Woke: (adj.) Aware, socially conscious, understanding and sensitive of racial, socioeconomic, gender and further societal inequalities.
The idea behind it: that once we were “asleep” in the mire of prejudice and now we are “woke” to the problems in our oppressive system.
The word has infiltrated our culture from the falsetto of Childish Gambino warning us to “Stay woke” to the satire of "Saturday Night Live" selling us “Levi wokes.” We throw it around every day, and it translates into an attitude we carry in our speech and in our social media.
Wokeness manifests itself in the caution with which we approach certain words and certain topics — for example, calling someone “African-American” instead of “black.” It manifests itself in hashtag activism, which throws out a pretty picture of the media user with a punchy platitude for friends who have already been there, done that.
And while nothing is necessarily wrong with being woke — after all, a culture that works to be accepting is one former civil rights leaders could only have dreamt about — being woke is hurting our nation’s activism. Why?
The problem with wokeness is in its very nature; it rarely extends beyond the surface-level show. We are eager to do what is expected of us when the trend calls for it, but we don’t let that influence anything we do in real life. We simply present ourselves in a politically correct way and circulate The New York Times discourse among our friends, having intellectual conversations that end in everyone reaffirming what everyone else already believed.
But there’s nothing wrong with that. People need to be sensitive to the discriminatory remarks they make. And furthermore, by circulating these discussions, we are pulling people into otherwise unheard of causes.
However, what good is awareness if it does not translate into action?
The ultimate goal of education is to effect real change. When we raise awareness, the idea is not to simply have the knowledge of what is right and wrong in our heads and continue doing what is wrong. We educate people because we hope for concrete improvement.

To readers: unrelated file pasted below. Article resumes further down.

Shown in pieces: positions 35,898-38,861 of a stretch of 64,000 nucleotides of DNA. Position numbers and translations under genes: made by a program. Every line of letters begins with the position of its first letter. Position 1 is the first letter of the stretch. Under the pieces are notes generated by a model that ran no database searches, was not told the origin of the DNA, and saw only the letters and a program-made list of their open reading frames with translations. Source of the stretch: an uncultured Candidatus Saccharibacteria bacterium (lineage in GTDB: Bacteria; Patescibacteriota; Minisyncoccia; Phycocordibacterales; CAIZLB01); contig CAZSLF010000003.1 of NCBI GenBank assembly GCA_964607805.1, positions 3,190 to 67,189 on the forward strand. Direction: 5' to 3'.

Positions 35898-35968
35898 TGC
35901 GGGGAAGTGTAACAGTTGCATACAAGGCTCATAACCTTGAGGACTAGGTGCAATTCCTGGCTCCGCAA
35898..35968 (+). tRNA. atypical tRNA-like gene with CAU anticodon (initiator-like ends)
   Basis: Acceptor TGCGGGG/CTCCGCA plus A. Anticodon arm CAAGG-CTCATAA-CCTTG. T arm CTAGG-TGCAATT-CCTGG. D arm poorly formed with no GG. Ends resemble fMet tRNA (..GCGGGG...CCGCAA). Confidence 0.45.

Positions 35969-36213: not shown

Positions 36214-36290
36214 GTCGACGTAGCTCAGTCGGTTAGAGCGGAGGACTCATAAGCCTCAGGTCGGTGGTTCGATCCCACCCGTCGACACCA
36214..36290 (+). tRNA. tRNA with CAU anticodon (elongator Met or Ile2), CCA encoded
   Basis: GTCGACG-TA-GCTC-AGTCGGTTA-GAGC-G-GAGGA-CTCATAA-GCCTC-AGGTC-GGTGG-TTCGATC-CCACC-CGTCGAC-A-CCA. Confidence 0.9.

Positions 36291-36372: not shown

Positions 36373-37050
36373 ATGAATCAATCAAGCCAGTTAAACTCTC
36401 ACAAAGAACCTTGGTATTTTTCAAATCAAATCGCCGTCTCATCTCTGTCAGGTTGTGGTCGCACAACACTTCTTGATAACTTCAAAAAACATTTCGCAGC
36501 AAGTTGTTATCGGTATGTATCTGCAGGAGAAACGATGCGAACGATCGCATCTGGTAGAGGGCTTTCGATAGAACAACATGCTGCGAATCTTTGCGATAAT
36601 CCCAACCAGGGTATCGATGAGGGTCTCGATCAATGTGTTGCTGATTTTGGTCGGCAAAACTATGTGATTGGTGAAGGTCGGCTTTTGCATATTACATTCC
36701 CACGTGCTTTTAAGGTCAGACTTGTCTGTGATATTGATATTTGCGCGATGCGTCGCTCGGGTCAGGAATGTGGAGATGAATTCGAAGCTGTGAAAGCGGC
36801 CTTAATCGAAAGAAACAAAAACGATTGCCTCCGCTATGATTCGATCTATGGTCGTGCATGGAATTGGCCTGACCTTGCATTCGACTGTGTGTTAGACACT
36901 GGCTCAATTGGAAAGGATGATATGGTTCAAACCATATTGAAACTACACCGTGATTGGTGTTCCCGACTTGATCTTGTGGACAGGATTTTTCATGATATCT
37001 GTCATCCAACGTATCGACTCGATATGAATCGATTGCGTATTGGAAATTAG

Quite frankly, in an era where political activism, particularly among the millennial generation, is supposedly at its most popular, the numbers reflect a different story. In the 2012 presidential election, though they made up approximately the same size of the electorate as baby boomers, millennials turned out to vote at only half the rate of baby boomers. And in this past 2016 election, the percentage of millennials who voted only increased from 46.4 percent to 49.5 percent, despite their number of eligible voters being set to surpass that of baby boomers in 2020.
But this seeming apathy is not because we millennials do not care. If anything, we care too much.
The problem is that we have allowed ourselves to think that social media activism is enough. That posting a snappy message in black and white somehow replaces voting for legislation that makes a difference. That marching in a protest seen by like-minded populations, where visibility is the primary factor, does more than petitioning a local government for increased environmental regulation.
And the superficiality of our political activism extends not simply to justifying our inaction, but also to reasoning away our darker impulses. At times, we use our wokeness to defend things that are so blatantly discriminatory that we would condemn them, were they under any other name but “woke.”
Two years ago, Rachel Dolezal, former leader of the National Association for the Advancement of Colored People, was outed as being white. When called upon to answer for her actions, she responded, “I identify as black,” as if race were something one could just choose, like the shoes we put on our feet. To be cognizant of another group’s struggle, to help them, is blameless. But to go so far as to appropriate that group’s culture and, by doing so, send the racial hierarchy back into Jim Crow era, is to be a wolf in sheep’s clothing.
Finally, the culture of wokeness waters down the heart of the messages political activists make. Colin Kaepernick, when he took a knee during the national anthem, did so to highlight the abuses that America has made. However, the conversation has turned from spotlighting American abuse to the outrage of the activist action itself. Now, the discussion is all about the flag and what real patriotism is, instead of what Kaepernick wanted to draw attention to in the first place.
Wokeness is not inherently bad. The complacency with the superficial that it creates is. The difference comes down to word-of-mouth change vs. tangible action. And the question I leave with is: If activism from this point on becomes solely discourse, what will our world look like in 20 years?
AMY CHAN is a College senior from Augusta, Ga., studying classics. Her email address is firstname.lastname@example.org. “Chances Are” usually appears every other Thursday.
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